Home • Tilletiaria anomala UBC 951 v1.0
Tilletiaria anomala
Tilletiaria anomala spores. Photo credit: Merje Toome at Purdue U.
Tilletiaria anomala
Tilletiaria anomala culture on agar media. Photo credit: Merje Toome at Purdue U.

Tilletiaria anomala Bandoni & B.N. Johri is the only species in the genus Tilletiaria (Bandoni and Johri, 1972). This fungus was originally isolated from decayed wood in Canada during attempts to culture a different fungus (Poria sp.), thus its role in nature is unknown. However, since the initial isolation, T. anomala has also been detected from within the intercellular fluid of rice plants (Takahashi et al., 2011) implicating an association with plants as is true for most of the other members of Ustilaginomycotina.

Originally placed within Ustilaginales (Bandoni & Johri, 1972), T. anomala is now known to belong to Exobasidiomycetes and is closely related to several Tilletiopsis species (Takashima and Nakase, 1996; Boekhout, 2011). At present it is placed in the monotypic Tilletiariaceae within Georgefisheriales (Begerow et al., 2006). As is true for many other members of Ustilaginomycotina, T. anomala is dimorphic producing both hyphal and budding yeast stages. The hyphae are haploid but occasionally two adjacent cells will fuse to produce a dikaryon which will result in the development of a resting spore called a teliospore. Teliospores will germinate to produce phragmobasidia that form haploid basidiospores. The species is homothallic, meaning that sexual reproduction can be completed within a single thallus without the need for a partner.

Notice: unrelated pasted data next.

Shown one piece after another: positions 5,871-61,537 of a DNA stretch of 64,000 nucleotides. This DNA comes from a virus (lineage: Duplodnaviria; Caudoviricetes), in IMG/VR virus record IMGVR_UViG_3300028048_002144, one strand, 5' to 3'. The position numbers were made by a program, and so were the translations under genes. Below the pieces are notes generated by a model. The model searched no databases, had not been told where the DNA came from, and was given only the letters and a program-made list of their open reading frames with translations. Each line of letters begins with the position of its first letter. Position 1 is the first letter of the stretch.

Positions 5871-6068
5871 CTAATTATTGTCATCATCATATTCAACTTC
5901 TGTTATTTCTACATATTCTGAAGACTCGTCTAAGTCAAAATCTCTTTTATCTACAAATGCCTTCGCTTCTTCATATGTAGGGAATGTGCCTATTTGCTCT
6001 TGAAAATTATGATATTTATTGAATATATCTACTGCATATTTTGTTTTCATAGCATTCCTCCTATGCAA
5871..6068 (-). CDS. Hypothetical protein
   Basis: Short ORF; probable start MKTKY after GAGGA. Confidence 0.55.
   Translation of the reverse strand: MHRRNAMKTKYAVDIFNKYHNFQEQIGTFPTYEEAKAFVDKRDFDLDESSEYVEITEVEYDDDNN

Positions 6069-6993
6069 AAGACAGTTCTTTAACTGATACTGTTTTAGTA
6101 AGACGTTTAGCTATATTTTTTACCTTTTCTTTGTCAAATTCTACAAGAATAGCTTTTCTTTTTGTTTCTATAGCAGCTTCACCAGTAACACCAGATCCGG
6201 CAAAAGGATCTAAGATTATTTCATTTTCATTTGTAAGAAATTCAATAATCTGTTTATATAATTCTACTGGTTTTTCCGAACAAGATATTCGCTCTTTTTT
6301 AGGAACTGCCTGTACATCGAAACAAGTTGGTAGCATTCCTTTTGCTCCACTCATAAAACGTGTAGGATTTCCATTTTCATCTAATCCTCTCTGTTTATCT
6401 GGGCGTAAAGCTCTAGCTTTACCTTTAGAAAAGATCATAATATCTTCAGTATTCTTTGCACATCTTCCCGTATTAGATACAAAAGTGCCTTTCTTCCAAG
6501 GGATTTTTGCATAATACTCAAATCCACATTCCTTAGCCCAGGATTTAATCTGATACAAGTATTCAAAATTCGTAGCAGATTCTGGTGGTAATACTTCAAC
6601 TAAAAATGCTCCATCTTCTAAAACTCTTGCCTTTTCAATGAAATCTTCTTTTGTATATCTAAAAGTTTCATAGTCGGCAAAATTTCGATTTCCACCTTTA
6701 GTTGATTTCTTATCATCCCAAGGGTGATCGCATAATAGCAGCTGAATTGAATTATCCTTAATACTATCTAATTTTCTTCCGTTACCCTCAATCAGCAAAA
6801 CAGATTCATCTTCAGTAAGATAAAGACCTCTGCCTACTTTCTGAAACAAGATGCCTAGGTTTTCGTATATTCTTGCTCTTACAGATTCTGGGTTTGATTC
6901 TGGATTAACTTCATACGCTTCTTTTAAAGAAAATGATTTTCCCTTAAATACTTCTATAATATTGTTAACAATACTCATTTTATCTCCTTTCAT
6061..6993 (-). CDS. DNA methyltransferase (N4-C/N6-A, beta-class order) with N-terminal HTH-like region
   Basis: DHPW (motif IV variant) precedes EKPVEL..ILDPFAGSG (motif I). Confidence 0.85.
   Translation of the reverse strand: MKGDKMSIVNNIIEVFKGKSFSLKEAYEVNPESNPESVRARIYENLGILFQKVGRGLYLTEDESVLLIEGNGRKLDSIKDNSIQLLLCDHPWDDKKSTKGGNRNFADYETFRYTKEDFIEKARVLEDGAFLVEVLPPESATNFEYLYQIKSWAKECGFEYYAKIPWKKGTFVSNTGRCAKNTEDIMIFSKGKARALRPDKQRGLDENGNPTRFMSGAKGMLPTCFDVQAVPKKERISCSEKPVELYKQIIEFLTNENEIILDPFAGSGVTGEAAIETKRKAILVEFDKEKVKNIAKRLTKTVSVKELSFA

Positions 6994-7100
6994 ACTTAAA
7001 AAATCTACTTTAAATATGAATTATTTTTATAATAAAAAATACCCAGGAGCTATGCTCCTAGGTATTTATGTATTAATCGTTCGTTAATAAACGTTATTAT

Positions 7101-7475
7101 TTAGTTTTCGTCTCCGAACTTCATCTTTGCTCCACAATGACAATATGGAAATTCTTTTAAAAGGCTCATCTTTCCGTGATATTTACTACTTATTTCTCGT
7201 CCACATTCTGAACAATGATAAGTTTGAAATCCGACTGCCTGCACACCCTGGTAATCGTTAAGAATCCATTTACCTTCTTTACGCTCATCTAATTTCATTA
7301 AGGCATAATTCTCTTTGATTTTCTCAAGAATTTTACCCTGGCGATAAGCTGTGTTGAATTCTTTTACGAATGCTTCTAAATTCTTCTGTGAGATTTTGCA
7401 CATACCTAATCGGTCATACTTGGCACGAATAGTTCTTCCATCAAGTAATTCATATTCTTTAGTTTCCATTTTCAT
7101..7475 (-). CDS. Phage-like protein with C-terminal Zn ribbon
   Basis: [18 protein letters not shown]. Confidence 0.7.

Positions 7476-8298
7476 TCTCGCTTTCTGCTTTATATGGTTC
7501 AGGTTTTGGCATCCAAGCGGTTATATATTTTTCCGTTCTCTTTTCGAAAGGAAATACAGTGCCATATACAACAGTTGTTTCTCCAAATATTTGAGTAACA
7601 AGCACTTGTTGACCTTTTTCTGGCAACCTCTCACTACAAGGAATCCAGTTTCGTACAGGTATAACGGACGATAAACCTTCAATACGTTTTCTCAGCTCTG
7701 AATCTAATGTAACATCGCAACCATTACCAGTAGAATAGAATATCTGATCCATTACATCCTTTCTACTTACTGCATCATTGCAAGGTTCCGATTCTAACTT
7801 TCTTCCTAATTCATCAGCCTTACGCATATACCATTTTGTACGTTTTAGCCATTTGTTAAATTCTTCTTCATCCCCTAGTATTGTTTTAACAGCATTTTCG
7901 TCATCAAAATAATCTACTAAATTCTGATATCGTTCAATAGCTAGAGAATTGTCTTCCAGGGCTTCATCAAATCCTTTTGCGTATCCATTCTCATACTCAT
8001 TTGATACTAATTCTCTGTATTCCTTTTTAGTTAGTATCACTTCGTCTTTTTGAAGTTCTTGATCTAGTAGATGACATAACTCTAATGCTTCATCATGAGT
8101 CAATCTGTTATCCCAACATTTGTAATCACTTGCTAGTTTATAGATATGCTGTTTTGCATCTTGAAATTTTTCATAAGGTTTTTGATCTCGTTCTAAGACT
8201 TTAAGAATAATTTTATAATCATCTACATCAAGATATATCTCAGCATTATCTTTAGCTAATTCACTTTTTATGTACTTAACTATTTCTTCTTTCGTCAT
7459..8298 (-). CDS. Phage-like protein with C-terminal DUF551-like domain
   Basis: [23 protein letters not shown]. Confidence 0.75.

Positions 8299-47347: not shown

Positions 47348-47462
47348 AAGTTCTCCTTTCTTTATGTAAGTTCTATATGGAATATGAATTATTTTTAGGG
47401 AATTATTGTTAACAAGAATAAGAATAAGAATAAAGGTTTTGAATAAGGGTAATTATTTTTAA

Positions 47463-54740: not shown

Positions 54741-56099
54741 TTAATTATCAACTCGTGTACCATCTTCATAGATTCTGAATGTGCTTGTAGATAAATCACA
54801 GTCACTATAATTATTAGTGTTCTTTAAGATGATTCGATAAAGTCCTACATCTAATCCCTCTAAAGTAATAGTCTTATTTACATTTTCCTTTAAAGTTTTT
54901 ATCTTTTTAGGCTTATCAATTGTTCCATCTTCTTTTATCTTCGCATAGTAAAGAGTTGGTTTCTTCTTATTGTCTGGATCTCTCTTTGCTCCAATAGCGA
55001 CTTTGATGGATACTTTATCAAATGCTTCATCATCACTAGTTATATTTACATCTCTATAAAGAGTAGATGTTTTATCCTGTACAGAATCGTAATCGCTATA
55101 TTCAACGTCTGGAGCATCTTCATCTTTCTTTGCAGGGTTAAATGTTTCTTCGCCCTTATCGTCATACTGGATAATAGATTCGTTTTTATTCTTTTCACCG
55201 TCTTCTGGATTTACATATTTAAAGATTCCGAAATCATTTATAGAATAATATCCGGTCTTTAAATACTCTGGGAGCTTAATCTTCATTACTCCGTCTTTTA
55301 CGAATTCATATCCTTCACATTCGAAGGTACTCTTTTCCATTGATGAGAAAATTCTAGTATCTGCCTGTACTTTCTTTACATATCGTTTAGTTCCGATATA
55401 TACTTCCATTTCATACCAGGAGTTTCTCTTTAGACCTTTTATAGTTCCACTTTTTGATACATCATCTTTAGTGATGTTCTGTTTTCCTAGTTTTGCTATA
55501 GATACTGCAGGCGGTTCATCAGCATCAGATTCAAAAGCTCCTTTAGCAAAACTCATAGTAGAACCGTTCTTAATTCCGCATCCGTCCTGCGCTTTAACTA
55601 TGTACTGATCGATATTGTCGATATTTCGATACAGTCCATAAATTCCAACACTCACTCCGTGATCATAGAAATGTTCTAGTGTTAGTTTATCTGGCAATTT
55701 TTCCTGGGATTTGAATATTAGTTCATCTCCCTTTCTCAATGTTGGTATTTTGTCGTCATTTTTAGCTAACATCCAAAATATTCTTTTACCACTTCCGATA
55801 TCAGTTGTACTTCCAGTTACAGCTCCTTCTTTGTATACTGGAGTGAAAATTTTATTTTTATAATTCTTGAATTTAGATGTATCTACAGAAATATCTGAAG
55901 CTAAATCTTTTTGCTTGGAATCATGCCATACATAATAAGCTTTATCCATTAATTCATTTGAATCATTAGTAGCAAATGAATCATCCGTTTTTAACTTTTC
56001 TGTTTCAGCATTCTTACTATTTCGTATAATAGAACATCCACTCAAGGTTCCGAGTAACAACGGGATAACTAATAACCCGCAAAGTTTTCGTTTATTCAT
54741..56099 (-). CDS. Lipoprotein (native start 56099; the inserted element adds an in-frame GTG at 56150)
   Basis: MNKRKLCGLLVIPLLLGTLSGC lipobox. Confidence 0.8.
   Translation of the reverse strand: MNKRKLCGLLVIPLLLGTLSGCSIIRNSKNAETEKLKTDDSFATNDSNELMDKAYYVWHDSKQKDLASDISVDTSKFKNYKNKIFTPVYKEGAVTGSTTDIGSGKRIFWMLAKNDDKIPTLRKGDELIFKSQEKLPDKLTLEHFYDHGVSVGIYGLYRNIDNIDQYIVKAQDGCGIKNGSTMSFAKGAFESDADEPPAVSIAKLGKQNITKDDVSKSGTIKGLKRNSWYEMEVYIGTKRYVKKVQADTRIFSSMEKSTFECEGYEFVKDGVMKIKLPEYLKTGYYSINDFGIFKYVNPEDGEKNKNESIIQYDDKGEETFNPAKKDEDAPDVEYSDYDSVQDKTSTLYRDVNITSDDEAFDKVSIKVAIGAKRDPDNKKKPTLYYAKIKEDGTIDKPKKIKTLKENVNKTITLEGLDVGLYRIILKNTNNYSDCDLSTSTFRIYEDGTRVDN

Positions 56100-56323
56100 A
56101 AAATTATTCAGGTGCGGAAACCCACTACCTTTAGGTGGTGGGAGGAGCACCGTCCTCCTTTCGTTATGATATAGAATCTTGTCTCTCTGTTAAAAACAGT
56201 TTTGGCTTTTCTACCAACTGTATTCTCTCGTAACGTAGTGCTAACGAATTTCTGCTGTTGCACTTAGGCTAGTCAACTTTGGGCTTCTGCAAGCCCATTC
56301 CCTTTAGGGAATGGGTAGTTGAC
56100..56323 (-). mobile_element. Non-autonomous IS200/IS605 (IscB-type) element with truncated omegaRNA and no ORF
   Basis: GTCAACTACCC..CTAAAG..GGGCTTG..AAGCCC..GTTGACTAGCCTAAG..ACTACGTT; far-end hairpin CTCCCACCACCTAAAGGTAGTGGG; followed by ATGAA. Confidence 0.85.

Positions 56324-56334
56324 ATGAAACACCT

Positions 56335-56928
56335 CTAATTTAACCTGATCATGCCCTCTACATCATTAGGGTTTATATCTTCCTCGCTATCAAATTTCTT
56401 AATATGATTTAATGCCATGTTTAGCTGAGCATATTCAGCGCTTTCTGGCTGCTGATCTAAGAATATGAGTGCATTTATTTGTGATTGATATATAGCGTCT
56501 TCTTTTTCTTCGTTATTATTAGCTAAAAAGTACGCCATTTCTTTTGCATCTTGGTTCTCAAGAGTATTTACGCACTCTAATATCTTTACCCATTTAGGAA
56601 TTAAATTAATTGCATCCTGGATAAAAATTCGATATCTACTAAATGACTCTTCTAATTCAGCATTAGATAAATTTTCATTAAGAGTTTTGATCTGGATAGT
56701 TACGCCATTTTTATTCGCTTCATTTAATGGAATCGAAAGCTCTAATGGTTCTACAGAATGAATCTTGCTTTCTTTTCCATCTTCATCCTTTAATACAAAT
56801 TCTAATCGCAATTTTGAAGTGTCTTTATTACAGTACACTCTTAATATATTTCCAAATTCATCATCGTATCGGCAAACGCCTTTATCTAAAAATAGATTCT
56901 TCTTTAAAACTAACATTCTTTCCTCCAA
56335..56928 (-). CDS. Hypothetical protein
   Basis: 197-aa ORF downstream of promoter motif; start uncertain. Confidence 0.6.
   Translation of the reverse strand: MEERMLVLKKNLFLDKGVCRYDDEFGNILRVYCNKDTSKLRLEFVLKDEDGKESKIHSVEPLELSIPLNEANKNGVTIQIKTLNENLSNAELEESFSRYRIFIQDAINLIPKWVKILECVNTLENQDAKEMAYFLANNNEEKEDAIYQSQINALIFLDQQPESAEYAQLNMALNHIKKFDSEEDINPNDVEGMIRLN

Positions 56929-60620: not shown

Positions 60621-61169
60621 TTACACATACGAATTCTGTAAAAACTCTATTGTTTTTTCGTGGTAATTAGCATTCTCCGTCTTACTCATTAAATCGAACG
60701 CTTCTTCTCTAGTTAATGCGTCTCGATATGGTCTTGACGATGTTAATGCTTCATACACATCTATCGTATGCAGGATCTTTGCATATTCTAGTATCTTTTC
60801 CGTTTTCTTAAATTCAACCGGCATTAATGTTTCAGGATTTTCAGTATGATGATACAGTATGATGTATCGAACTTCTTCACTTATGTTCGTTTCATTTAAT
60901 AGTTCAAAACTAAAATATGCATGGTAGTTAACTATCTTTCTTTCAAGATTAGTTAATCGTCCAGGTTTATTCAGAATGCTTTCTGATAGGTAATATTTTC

The genome sequence of T. anomala will provide the first whole genome sequence data for any member of Georgefisheriales. Tilletiaria anomala will also represent the first homothallic species of Ustilaginomycotina with genome data, which researchers may use to better understand the evolution of reproductive systems in fungi.

If you would like to use this genome in your research, you are kindly requested to please contact Dr. M. Catherine Aime (maime@purdue.edu) and Dr. Igor Grigoriev (ivgrigoriev@lbl.gov) for permission.

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Genome Reference(s)